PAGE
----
Todd Clever (USA): Veteran USA flanker and captain Todd Clever was released from the national squad in July for “multiple conduct violations”. Clever has won 63 caps and played in the last two World Cups but such is the feeling with the Eagles selectors, it looks like his Test career is over.

Sinoti Sinoti (Samoa): One of the best players in the 2014/15 Premiership season, the Newcastle Falcons finisher was given a taste of Rugby World Cup preparations but one didn’t get the feeling he was going to make the cut. That proved to be the case as we won’t see the deadly wing involved.

Nic White (Australia): Such a surprise to see White not on the Wallabies list after his exploits during the Rugby Championship. He inspired the Wallabies to victory over New Zealand and with it sealed the trophy but still he misses out, with two players out of form – Nick Phipps and Will Genia – preferred.

Manu Tuilagi (England): Unlike many others on this list, Tuilagi only has himself to blame after being arrested for assaulting a female police officer on a night out. Injuries mean that Tuilagi might not have been fit anyway, but England’s best ball carrier would have been a shoo-in otherwise.

James Horwill (Australia): The former skipper enjoyed something of a renaissance this season in a misfiring Reds team, and did well when he had the chance for the Wallabies. It wasn’t enough though, with Will Skelton and returning duo Dean Mumm and Kane Douglas preferred, as well as team-mate Rob Simmons.

Israel Dagg (New Zealand): The outside backs call was always going to be tough for Steve Hansen and Dagg was unlucky to miss out. In his favour was the ‘what if Ben Smith got injured’ argument but it appears Hansen has faith in Beauden Barrett, Colin Slade and Nehe Milner-Skudder to cover at fifteen.

Dylan Hartley (England): According to forwards coach Graham Rowntree, Hartley may yet be involved in the World Cup if there is an injury after his ban is complete. England had little choice but to leave him out though as starting the tournament without all their hookers available would have been a risk.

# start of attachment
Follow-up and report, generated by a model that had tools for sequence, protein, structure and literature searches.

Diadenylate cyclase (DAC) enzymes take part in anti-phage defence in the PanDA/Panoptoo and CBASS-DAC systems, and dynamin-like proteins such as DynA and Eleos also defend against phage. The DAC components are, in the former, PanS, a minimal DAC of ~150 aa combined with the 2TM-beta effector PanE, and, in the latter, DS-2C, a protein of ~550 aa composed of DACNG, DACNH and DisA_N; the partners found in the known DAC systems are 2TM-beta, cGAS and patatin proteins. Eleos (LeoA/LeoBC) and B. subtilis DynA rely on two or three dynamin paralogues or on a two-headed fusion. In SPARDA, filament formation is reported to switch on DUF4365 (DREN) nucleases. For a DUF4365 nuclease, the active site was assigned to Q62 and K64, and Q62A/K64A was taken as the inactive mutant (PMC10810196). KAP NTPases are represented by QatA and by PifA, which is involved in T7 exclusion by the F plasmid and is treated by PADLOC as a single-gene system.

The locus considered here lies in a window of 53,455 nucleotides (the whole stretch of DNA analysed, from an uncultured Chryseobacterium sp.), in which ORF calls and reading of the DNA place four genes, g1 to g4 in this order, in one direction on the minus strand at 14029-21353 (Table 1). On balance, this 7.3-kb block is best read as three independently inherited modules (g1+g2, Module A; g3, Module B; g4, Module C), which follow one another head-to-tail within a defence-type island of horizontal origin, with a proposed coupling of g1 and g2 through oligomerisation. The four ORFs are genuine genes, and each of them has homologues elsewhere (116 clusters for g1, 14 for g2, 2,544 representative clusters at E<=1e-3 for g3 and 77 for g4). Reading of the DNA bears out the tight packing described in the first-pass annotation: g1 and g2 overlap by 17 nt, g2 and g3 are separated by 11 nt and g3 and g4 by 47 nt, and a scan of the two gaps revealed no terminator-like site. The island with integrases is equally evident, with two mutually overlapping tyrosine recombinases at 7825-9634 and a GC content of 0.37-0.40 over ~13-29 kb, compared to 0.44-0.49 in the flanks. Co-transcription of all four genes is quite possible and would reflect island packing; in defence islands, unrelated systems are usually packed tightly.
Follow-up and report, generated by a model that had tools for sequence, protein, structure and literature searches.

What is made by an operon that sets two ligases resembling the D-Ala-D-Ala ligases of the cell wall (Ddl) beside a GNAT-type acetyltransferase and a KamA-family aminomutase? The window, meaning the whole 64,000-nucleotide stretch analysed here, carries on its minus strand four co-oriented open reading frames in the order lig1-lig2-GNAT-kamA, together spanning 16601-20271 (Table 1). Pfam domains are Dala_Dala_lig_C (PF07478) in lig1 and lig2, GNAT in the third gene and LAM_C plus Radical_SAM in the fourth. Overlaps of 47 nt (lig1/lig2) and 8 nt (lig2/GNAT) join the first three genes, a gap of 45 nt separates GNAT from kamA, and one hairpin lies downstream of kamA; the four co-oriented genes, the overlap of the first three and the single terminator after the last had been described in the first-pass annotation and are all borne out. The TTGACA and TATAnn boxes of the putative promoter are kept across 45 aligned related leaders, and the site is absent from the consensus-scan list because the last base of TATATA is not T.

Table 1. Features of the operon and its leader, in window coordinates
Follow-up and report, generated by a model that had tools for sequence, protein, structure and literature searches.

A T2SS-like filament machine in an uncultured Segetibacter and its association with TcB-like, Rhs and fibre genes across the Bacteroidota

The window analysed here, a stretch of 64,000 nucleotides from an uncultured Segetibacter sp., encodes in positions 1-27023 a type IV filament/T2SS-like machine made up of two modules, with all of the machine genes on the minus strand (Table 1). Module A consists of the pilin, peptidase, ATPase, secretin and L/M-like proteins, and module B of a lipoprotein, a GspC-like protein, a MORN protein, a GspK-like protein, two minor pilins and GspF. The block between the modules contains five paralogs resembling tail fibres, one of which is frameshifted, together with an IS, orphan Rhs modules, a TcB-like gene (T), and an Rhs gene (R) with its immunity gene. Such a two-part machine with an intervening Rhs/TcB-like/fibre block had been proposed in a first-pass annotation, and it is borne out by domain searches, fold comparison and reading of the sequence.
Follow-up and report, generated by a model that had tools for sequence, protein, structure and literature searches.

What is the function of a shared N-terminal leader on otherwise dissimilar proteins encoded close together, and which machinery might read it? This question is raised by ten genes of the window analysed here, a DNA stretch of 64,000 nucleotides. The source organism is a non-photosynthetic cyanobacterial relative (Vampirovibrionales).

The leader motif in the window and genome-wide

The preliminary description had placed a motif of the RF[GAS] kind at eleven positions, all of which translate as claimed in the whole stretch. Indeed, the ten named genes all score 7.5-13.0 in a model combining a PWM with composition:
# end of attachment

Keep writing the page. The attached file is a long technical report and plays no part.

Marcell Coetzee (South Africa): Another unlucky flanker to miss the flight to England after strong performances in the Rugby Championship. Tireless in the loose and often crossing for key tries, Coetzee suffered a recent injury and although he will be fit for the tournament, he is a victim of South Africa’s unrivalled back-row depth.

Danny Cipriani (England): A special talent but too often held back by his actions off the field, the Sale Sharks playmaker made a real charge for the England squad, especially with a try-scoring performance off the bench for England in Paris. Many have questioned whether he was given a fair chance to show what he can do, but with no room for him to slot into the squad at fly-half or full-back, Cipriani has been left to wonder might have been.

Andrew Trimble (Ireland): A surprise omission from Joe Schmidt’s squad as Ireland’s 2014 player of the year missed the 31-man cut, with Dave Kearney named ahead of him. The Ulster wing hasn’t put a foot wrong for province and country over the past two years so on form his absence is a major shock, untimely injuries have probably cost him.

Scott Higginbotham (Australia): A key figure for the Wallabies in the past, Higginbotham missed out on playing in his second Rugby World Cup as head coach Michael Cheika opted to go with Wycliff Palu and Ben McCalman.